Carb bowls have been ultrasonically cleaned too, and polished.

While waiting for the engine to finish up, I machined a titanium rear axle to replace the stock steel unit, for a savings of 10oz of unsprung mass.  The front will get one too, as well as rebuilt forks and custom cartridge emulators.

Saturday, January 29, 2011


We got the tires off the old rims, and bought a Borrani 18" rim for the front wheel, along with stainless spokes to lace both 18" rims to the hubs.  An order of needed engine parts will come in this week, so the engine can be buttoned up better than new. 

The spokes were removed and the hubs will be polished and lightened where needed, the rear drum may or may not end up being resurfaced.  The front wheel and hub are fairly light and strong, and the Ducati rotor being used on the front end won't add much to the unsprung weight either, which will be good.  The back wheel assembly however, was awfully heavy and is going to make the back end suspension a touchy subject.  I took apart the assembly and decided I could start to shed some weight at the axle.  So I decided to make the axle again in titanium, as I still have about 20 feet left from a surplus find.

Titanium isn't much fun to machine, especially with a very old lathe, and no steady rest either.  The amount I could take off per pass was really limited by the need to keep the piece from flexing, so about an hour and a half after starting, I was doing my finishing passes.  Without the steady rest, I had to divide up the shaft and manually compensate for the remaining flex in the piece.  Not too bad really, wound up with an axle +/- .001 over the length, plenty precise for this old beast.  And it saved 10oz over the stock steel shaft, and is stronger too.

Monday, January 17, 2011

Building the XS Manx

Despite getting the business end of a screwdriver in his eye last week, Toby is back at the 650 engine, which is certainly a well engineered piece of metal.  The cam came out with little trouble, the manual specs a chain breaker to split the cam chain and extract the cam, but he managed to remove the end bearings and find enough wiggle room to get it out with ease.  The frame continues to shed weight, another hour of grinding left me with a pile of dust and useless crap to clean up, better on the floor than on the bike in my opinion, useless weight has no place on a real cafe racer.  We're planning on swapping the front forks for a set of larger XJ1100 units, the top and bottom triple clamps will be machined after we mock up the bike to measure some of the critical geometry.  The trees will likely be built with an eccentric adjustment for fork offset, to allow some fine tuning once the bike is on the road.  I'll likely be machining some cartridge emulators and building them into the fork damping system too, there's no reason to leave better roadholding out of the equation.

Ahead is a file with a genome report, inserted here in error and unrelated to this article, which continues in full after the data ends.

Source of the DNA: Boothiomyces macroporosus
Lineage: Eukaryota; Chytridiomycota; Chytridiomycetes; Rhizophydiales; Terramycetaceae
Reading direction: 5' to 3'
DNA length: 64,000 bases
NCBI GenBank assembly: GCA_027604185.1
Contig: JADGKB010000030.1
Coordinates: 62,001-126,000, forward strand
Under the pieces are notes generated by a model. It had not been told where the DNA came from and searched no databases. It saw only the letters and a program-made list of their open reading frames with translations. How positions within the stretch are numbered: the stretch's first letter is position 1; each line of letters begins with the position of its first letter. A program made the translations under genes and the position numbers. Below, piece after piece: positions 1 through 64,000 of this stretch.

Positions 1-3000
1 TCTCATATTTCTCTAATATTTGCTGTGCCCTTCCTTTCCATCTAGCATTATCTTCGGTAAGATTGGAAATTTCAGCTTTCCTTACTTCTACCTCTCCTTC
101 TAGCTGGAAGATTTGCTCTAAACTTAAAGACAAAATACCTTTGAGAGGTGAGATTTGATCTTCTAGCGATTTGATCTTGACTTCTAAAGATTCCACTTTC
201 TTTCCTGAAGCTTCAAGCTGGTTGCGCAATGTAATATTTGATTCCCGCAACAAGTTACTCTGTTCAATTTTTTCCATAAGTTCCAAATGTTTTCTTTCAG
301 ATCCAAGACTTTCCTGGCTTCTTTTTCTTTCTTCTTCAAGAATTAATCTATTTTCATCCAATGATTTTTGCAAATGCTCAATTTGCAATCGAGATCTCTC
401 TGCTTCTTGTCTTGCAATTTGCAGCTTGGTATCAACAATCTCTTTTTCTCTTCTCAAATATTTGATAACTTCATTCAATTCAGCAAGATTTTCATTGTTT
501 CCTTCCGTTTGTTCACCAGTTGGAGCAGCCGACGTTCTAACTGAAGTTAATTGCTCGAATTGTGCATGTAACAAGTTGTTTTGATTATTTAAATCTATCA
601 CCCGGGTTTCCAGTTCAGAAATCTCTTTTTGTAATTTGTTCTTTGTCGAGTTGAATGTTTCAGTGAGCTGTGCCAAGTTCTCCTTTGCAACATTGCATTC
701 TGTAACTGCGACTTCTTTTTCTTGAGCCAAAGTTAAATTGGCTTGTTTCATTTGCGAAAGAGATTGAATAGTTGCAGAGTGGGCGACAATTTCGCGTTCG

Wednesday, January 12, 2011

Building the XS Manx

This will be the story of the transformation of a cruddy old '83 XS 650 into a custom Norton Manx style roadracer.  My friend Toby Zeigler, a professional mechanic and excellent engine builder, and I have teamed up to complete this build.  With our unique skill sets, we'll have a machine that runs and handles better than it did the day it came from the factory, and looks as good as it performs.  This bike will be built to sell to a worthy buyer when completed, and we hope to be finished before the riding season really kicks in.  Of course we'll have it in ridable shape by the time the weather gets just warm enough to do a few hundred miles of shakedown rides before stripping the bike again for final polishing and powdercoating, etc.

We spent Monday afternoon getting all the extra junk off the bike and removing the engine for a complete professional overhaul.  Once apart, I realized just how ugly the stock frame is...